Some millennials are lazy and think everything in life should be handed to them. There’s a bit of this in me, too. I lived a charmed, easy childhood, never wanting for anything important, and since then things have continued to come fairly easily to me: a spouse, degrees, jobs—I’m not climbing the corporate ladder by any means, but I’ve been successful in the things I’ve tried to do, for the most part. However, it’s not as if I never had to work for anything. I think my parents did manage to instill in me a decent work ethic. I might slack off on the dishes occasionally, but when push comes to shove, I’m willing to work to get what I want. I can’t say that the stereotype is completely bogus, though. Multiple people come to mind when I think of lazy millennials who just aren’t willing to work, including my youngest brother. He failed at college, dropped out of the military, and searched for his first job for well over a year before he finally got one. But these days, even though he is finally employed, he complains about how his job requires him to stand on his feet all day, and it’s boring! Other examples come to mind as well, including several dead-beat dads my age who would rather smoke weed than hold a job or parent their children.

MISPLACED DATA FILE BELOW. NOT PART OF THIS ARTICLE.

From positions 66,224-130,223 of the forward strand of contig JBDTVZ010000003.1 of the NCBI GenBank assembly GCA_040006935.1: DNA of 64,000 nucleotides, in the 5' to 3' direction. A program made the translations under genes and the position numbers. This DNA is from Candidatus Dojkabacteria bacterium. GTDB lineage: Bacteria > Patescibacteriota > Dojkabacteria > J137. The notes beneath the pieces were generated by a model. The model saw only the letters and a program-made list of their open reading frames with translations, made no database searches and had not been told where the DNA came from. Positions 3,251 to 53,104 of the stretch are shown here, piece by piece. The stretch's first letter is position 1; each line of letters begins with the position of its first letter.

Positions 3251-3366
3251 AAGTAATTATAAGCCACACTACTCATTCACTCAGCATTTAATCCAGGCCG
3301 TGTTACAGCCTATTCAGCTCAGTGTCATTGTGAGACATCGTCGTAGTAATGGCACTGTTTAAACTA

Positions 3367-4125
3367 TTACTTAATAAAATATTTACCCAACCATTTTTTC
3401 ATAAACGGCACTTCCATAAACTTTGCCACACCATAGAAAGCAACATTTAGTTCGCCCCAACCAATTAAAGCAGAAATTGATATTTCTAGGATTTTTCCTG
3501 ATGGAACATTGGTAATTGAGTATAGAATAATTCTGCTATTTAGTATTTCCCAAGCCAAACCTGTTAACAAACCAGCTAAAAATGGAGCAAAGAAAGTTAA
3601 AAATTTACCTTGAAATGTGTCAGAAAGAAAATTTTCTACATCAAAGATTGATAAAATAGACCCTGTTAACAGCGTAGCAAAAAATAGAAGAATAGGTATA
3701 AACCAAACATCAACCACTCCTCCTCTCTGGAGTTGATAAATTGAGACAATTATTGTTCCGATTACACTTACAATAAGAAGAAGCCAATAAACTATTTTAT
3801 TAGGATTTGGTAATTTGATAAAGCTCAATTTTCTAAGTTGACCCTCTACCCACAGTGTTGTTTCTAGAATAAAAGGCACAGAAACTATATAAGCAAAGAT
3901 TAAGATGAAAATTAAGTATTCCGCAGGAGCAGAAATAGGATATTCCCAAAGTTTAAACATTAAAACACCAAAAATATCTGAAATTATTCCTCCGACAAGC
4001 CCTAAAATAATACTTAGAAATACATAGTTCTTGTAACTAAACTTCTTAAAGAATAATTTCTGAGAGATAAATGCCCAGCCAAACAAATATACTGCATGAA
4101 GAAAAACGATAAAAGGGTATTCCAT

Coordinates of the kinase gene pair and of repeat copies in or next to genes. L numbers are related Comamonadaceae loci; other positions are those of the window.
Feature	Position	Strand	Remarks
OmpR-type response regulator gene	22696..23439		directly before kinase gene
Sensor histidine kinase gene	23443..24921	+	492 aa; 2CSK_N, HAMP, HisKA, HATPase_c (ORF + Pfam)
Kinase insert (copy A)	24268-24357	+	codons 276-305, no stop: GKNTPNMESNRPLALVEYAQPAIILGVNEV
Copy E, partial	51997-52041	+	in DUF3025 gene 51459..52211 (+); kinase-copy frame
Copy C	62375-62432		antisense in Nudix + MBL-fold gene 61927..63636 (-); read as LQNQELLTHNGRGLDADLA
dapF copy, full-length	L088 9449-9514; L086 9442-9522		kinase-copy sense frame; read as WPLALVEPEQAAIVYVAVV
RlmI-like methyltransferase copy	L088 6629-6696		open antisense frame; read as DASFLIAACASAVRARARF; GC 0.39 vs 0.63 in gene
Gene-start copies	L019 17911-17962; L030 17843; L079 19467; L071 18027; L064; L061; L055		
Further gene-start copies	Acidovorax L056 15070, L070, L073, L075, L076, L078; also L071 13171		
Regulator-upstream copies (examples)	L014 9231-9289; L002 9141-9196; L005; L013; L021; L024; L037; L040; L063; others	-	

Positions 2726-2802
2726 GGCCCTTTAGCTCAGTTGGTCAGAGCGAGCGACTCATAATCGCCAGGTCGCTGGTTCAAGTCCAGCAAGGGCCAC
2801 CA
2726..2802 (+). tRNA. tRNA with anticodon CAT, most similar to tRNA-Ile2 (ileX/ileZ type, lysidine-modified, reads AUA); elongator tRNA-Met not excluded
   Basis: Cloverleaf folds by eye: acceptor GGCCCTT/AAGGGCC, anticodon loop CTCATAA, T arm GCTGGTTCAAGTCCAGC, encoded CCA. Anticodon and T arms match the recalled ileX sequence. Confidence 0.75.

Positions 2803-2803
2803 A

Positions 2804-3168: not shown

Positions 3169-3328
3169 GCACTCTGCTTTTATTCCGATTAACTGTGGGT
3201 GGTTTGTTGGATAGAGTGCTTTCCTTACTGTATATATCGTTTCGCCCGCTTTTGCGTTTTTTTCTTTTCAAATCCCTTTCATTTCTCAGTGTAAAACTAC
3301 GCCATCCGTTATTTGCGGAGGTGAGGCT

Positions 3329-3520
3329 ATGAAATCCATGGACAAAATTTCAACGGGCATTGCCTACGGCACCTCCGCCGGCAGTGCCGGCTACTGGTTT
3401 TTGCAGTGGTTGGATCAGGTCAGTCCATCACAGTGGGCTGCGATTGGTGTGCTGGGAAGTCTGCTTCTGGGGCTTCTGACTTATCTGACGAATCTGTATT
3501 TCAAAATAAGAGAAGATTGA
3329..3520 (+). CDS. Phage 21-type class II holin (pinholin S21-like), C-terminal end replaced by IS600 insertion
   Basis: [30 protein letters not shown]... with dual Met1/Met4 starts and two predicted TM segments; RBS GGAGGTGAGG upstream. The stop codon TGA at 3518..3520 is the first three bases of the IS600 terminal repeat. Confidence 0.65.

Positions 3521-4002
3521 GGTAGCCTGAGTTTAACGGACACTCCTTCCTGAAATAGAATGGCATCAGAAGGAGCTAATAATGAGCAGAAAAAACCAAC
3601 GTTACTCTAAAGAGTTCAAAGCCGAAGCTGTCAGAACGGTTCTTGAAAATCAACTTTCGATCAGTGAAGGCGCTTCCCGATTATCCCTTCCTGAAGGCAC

But I can also think of many millennials who work harder than just about anyone. One of my high school classmates made the unfortunate life choice of marrying one of those aforementioned dead-beats. Now, two kids and a divorce later, she’s had her tubes tied, owns a house, holds a full-time job to support her kids, and has primary custody of them. She does it all despite not having a college degree and with very little help from family members and almost zero support from her ex. Or, take my husband’s coworker, who stays late at the office an extra hour or two (or three) almost every night, and sends my husband messages about work on the weekends. There’s a reason that guy is a shoe-in for a promotion this year; he deserves it because he works extremely hard.